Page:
As a young student of anthropology many years ago, I learned the concept of ethnocentrism, which involves the viewing (consciously or subconsciously) of other cultures as somehow inferior to our own. If eating raw meat is yucky to us, we would tend to look down on another culture where eating raw meat is common.

There's a similar practice in effect in the world of economics and business. This is a touchy topic, but permit me to tread carefully. Here in the Western world, our economy has evolved from one that was heavily involved in manufacturing to one much less so today. Flash back 100 or 150 years, and you'd find appalling working environments in many American factories. Better working hours and conditions were fought for and won. Children, for example, no longer work long hours in dangerous jobs in factories. That's clearly a good thing.

But meanwhile, in other corners of the world today, children are working in factories, sometimes for long hours, sometimes in dangerous conditions, and often for low wages. Adults, too. This has outraged many Americans and others. We demand that these workers get better conditions as soon as possible. We recoil from American companies whose offerings come from "sweatshop" factories abroad. That's nice and well-meaning of us, but I see a problem.

In many of these underdeveloped nations, people earning a paltry wage in a factory consider themselves lucky to have such a job. When children are working in a factory, earning a pittance, they're often generating critical income for their families. It's at least somewhat ethnocentric or econo-centric of us to think that these children should be home playing in their yards when their families live in or near poverty.

Here's an eye-opening bit of news that I read recently at the Asian Labour News website:

"Taiwanese factories in Dongguan. are facing a problem. According to a news report in the United Daily in Taiwan, over a thousand workers at a factory, which produces goods for big brand names such as Nike (NYSE:NKE), demonstrated for two days and damaged equipment and factory cars. 500 armed police arrived and quashed the riot. Several leaders were arrested. The main cause for the riot was the limitation on working hours at the factory. The shorter hours have been requested by U.S. companies so as to avoid criticism from various groups on long working hours. However, the mainly migrant workforce want to work longer hours so they can earn more."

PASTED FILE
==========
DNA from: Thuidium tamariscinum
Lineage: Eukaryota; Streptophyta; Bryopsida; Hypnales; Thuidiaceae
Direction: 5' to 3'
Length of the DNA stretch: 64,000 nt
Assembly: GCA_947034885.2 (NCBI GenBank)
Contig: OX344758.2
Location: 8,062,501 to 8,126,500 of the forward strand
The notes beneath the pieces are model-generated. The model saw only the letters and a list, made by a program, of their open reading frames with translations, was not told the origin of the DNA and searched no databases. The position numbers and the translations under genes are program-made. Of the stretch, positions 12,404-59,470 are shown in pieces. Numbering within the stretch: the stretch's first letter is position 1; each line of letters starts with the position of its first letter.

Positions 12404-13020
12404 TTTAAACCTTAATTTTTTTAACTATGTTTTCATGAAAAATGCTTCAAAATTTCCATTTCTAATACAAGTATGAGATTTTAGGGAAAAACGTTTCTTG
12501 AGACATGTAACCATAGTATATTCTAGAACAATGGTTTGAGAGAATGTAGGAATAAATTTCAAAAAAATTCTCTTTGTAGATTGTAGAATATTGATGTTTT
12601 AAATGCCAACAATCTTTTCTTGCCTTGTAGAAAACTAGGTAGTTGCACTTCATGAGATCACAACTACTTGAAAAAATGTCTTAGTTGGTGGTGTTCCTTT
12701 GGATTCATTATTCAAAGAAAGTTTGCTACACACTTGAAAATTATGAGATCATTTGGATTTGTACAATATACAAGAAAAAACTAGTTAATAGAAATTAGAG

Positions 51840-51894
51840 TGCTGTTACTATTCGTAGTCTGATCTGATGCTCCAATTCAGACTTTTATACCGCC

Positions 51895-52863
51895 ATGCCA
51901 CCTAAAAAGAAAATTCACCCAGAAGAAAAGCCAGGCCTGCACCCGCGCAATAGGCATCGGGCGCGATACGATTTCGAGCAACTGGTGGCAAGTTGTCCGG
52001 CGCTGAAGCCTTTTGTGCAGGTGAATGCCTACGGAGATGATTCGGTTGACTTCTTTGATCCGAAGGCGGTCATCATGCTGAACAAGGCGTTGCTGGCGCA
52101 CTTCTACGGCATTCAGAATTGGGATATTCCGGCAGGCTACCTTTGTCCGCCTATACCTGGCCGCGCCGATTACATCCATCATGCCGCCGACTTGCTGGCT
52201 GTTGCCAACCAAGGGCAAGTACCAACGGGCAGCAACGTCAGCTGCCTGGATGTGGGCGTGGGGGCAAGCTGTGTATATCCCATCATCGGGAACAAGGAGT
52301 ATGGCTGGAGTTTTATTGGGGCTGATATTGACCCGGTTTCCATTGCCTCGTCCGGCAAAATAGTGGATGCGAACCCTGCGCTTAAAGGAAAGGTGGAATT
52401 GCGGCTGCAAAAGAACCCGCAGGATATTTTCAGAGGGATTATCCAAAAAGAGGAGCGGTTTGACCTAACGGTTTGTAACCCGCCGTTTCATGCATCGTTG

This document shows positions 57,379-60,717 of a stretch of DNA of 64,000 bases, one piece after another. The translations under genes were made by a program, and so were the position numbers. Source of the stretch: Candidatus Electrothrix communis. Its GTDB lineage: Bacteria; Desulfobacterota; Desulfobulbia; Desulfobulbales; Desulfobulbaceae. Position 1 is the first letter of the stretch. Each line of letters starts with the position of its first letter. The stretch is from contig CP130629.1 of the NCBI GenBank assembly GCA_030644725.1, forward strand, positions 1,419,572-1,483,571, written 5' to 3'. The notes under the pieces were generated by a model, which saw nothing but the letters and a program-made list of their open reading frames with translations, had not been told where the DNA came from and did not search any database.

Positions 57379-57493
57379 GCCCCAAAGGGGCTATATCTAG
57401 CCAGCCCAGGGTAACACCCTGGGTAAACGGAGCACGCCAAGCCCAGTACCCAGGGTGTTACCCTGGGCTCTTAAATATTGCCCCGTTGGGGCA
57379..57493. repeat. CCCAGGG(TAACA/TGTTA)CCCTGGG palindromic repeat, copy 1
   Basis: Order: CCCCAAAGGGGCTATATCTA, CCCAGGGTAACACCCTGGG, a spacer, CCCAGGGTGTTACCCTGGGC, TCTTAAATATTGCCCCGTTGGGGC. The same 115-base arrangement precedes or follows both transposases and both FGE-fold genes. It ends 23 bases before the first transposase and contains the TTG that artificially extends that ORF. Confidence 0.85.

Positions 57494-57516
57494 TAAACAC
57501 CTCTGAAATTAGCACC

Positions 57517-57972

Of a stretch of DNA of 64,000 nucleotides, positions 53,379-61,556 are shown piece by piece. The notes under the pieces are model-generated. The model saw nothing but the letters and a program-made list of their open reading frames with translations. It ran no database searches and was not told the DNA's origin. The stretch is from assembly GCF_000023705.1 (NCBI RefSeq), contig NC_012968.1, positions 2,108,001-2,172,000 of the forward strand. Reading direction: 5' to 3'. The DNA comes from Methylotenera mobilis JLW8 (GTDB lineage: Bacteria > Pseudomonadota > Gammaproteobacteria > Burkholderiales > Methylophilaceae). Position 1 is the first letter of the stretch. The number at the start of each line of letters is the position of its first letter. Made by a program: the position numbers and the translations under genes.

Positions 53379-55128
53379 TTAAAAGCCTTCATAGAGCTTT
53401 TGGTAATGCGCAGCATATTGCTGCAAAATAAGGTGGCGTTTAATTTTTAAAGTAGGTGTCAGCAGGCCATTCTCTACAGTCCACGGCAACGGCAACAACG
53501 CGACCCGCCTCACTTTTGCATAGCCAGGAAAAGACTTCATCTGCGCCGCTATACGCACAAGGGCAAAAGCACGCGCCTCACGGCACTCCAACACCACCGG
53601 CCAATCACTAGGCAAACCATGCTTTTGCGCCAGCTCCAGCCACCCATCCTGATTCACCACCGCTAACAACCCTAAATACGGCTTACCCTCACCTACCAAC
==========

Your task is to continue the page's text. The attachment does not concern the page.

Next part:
It's a very tricky situation. It's not good for anyone to work 100-hour weeks. But if workers want to, and need the money, what's the right thing to do? Other firms that have been accused of making money directly or indirectly from "sweatshops" abroad include Wal-Mart (NYSE:WMT), J.C. Penney (NYSE:JCP), Kmart (NASDAQ:KMRT), Payless ShoeSource (NYSE:PSS), and Reebok (NYSE:RBK). These and other firms have been taking some steps to improve conditions at their factories, but it's often easier said than done.

Meanwhile, if you'd like to invest in China, read some of these Fool articles:

Longtime Fool contributor Selena Maranjian owns shares of Wal-Mart. The Fool has a disclosure policy.

This article represents the opinion of the writer, who may disagree with the “official” recommendation position of a Motley Fool premium advisory service. We’re motley! Questioning an investing thesis -- even one of our own -- helps us all think critically about investing and make decisions that help us become smarter, happier, and richer.